|para| 2016

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A letter from the editors

September 6, 2016
Scienceline gives you the science of the Paralympics. For our logo, we chose to feature the three-color logo of the International Paralympic Committee. [Image credit: Sara Chodosh]

The 2016 Paralympic Games are about to be given more media coverage than any other Paralympic Games. Athletes from around the world will converge on Rio de Janeiro to compete in 23 sports over 11 days, in the same venues that just hosted the Olympics.

There’s a level of cultural awareness about the Olympics rivaled only by the World Cup and second to none in the United States. Media coverage abounds across every medium — the nightly news features highlights, social media blasts constant updates, and the live TV coverage seems to be on in the background of every public space with a television. NBC boasts 356 hours of coverage per day, for a grand total of 6,755 hours.

The 2016 Paralympics will receive an unprecedented level of coverage on NBC, who will broadcast a whopping 66 hours total.

Beyond our baseline of interest in all elite athletes, we saw an unusual opportunity in the Paralympics. In reporting on the science of the Paralympics, we’re not limited to writing about how human beings make their bodies do extraordinary things. We can explore how prosthetics influence a sprinter’s stride or how a para-dressage rider must develop novel ways to communicate with her horse.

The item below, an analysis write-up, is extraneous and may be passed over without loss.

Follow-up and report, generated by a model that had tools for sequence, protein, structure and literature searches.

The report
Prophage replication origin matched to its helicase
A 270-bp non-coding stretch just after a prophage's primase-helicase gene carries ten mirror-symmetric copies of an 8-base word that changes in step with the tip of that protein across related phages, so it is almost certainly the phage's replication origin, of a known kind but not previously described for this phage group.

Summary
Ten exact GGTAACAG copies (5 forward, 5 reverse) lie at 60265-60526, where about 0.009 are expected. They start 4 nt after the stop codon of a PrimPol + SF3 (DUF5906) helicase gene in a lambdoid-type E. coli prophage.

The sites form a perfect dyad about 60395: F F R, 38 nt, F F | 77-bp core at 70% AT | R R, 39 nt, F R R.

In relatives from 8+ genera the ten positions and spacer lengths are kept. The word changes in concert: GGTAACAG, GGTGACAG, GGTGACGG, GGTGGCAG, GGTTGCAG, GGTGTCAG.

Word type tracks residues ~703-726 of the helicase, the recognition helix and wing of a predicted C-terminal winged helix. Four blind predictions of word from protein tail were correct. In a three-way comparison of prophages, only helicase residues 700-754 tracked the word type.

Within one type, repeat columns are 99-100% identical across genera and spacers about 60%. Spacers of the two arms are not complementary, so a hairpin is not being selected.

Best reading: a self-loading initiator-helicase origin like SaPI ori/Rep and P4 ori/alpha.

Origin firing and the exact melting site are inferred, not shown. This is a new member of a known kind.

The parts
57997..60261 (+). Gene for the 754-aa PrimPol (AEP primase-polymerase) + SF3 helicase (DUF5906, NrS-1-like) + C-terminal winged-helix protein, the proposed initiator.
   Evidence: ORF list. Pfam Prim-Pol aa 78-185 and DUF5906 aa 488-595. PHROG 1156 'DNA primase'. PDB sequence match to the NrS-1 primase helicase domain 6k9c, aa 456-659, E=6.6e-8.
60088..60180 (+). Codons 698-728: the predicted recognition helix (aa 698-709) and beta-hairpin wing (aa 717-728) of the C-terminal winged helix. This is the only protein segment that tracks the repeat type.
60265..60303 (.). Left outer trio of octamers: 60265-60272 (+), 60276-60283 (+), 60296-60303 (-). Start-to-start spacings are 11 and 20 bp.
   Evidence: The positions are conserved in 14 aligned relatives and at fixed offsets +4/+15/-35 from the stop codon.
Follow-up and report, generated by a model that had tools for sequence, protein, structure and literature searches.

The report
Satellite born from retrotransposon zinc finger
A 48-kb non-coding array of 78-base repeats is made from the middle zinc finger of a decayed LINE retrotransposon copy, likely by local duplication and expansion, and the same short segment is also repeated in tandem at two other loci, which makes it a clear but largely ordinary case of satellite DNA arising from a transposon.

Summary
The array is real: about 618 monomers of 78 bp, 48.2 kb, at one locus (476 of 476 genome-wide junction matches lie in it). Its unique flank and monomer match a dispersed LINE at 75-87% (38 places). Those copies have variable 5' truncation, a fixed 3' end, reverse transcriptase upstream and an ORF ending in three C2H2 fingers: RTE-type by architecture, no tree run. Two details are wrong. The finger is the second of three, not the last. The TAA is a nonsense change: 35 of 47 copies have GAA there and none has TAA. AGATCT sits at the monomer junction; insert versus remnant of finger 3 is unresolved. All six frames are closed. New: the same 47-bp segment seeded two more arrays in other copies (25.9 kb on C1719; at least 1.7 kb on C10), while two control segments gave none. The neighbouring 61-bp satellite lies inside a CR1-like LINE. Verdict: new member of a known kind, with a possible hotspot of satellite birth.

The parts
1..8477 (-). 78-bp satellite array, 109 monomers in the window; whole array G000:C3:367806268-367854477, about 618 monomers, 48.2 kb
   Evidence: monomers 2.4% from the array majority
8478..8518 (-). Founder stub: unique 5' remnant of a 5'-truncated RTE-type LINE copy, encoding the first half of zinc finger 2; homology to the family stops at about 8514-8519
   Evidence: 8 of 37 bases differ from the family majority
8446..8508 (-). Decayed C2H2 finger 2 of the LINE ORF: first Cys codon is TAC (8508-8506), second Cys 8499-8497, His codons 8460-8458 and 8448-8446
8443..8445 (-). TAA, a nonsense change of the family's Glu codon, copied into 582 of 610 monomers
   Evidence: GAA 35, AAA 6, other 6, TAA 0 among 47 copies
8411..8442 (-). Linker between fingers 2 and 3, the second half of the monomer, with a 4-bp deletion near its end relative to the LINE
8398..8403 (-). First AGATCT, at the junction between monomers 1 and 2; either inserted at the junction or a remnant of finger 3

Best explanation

We can appreciate how the Paralympic Games have come a long way since their debut in Rome in 1960. Only 400 athletes hailing from 23 countries competed, all with spinal cord injuries. Now in its fifteenth games in 2016, the Paralympics have grown to include athletes with ten different classifications of impairment, and over 4,300 athletes from 160 countries will compete in Rio.

However, the Rio Paralympics are not without their challenges. The organizing committee is struggling to meet financial obligations due to low ticket sales and a lack of sponsors. This has led to major budget cuts and venue relocations for Paralympic events to save money. Though media coverage of these Paralympic Games will highlight Para athletes as never before, organizers are also asking them to live with inferior conditions in order to compete. Olympic athletes aren’t treated this way.

The increased NBC coverage is a positive step toward parity with the Olympics, no matter how incremental, and will almost certainly boost awareness of the incredible athletes competing in the Paralympics. But we want to do more than be aware.

This project is not about shedding light on people who we think are in need of help. Paralympians have been training and competing with ingenuity long before the world cared to notice. They don’t need our help. They deserve our admiration and our attention. Here it is.

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